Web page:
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Pain Research and Management
Volume 8, Issue 4, Pages 205-211
Original Article

Comparing Two Observational Systems in the Assessment of Knee Pain

Shannon Fuchs-Lacelle,1 Thomas Hadjistavropoulos,1 Donald Sharpe,1 Jaime Williams,1 Ronald Martin,1 and Diane LaChapelle2

1University of Regina, Regina, Saskatchewan;, Canada
2University of New Brunswick, Fredericton, New Brunswick, Canada

Copyright © 2003 Hindawi Publishing Corporation. This is an open access article distributed under the Creative Commons Attribution License, which permits unrestricted use, distribution, and reproduction in any medium, provided the original work is properly cited.


OBJECTIVE: Research has demonstrated the utility of the Pain Behavior Measurement (PBM) system as a pain index. PBM involves the recording of sighing, rubbing, grimacing, guarding and bracing. A modification of this system has been proposed, focusing on the occurrence of joint flexing, rubbing, unloading the joint, guarding and rigidity, specifically for patients with knee pain. The aim of the present study was to compare the original PBM to the modified version in a sample of knee replacement patients to assess the utility of the more specialized approach. It was expected that the more discomforting physiotherapy activities (knee bending and quadriceps exercises) would result in more pain behaviours than intermediate activities (walking and standing), which, in turn, would result in more pain behaviours than reclining. The extent to which each system reflected this expected pattern was examined.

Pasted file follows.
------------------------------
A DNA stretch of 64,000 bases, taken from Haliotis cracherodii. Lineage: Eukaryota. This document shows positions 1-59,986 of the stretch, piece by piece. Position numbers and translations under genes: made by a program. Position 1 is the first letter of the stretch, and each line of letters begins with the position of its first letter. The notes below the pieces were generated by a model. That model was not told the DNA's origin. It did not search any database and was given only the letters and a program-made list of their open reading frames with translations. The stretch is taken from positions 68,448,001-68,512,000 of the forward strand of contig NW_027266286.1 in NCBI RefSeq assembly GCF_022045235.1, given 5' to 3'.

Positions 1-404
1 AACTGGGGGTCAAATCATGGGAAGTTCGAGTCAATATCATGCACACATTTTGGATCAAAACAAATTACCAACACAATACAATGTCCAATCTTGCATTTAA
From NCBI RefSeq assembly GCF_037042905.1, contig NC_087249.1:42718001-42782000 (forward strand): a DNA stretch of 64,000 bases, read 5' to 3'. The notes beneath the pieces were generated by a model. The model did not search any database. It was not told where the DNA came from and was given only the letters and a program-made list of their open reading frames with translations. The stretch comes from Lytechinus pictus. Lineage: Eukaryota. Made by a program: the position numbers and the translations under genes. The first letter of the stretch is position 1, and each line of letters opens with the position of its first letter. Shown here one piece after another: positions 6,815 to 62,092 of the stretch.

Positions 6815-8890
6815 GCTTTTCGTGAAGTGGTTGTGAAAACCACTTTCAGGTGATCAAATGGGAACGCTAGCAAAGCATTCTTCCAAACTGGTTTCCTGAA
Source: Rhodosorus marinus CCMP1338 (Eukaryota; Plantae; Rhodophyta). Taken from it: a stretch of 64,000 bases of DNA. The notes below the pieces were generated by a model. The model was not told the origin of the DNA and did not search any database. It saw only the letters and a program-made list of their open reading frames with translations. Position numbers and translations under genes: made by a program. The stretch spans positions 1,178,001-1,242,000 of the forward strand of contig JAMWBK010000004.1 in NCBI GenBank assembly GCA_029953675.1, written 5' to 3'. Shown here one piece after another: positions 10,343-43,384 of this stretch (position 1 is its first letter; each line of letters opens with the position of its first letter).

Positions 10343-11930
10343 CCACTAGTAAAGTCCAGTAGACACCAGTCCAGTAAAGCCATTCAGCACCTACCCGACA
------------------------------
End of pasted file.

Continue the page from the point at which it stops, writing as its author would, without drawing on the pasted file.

METHODS: Ninety-three seniors were observed while completing a series of structured post-knee surgery physiotherapy activities (knee bending, standing, walking, reclining and a quadriceps exercise).

RESULTS: Analyses of self-reported levels of pain were consistent with the expected pattern of pain levels in relation to the physiotherapy activities. Specific pain behaviours within each system (eg, grimacing, rigidity) occurred in a manner consistent with the expected pattern, while other behaviours (eg, rubbing the affected area) did not.

CONCLUSIONS: Although there was no clear advantage for the modified system over the PBM, an optimal approach may involve combining specific behaviours from each system.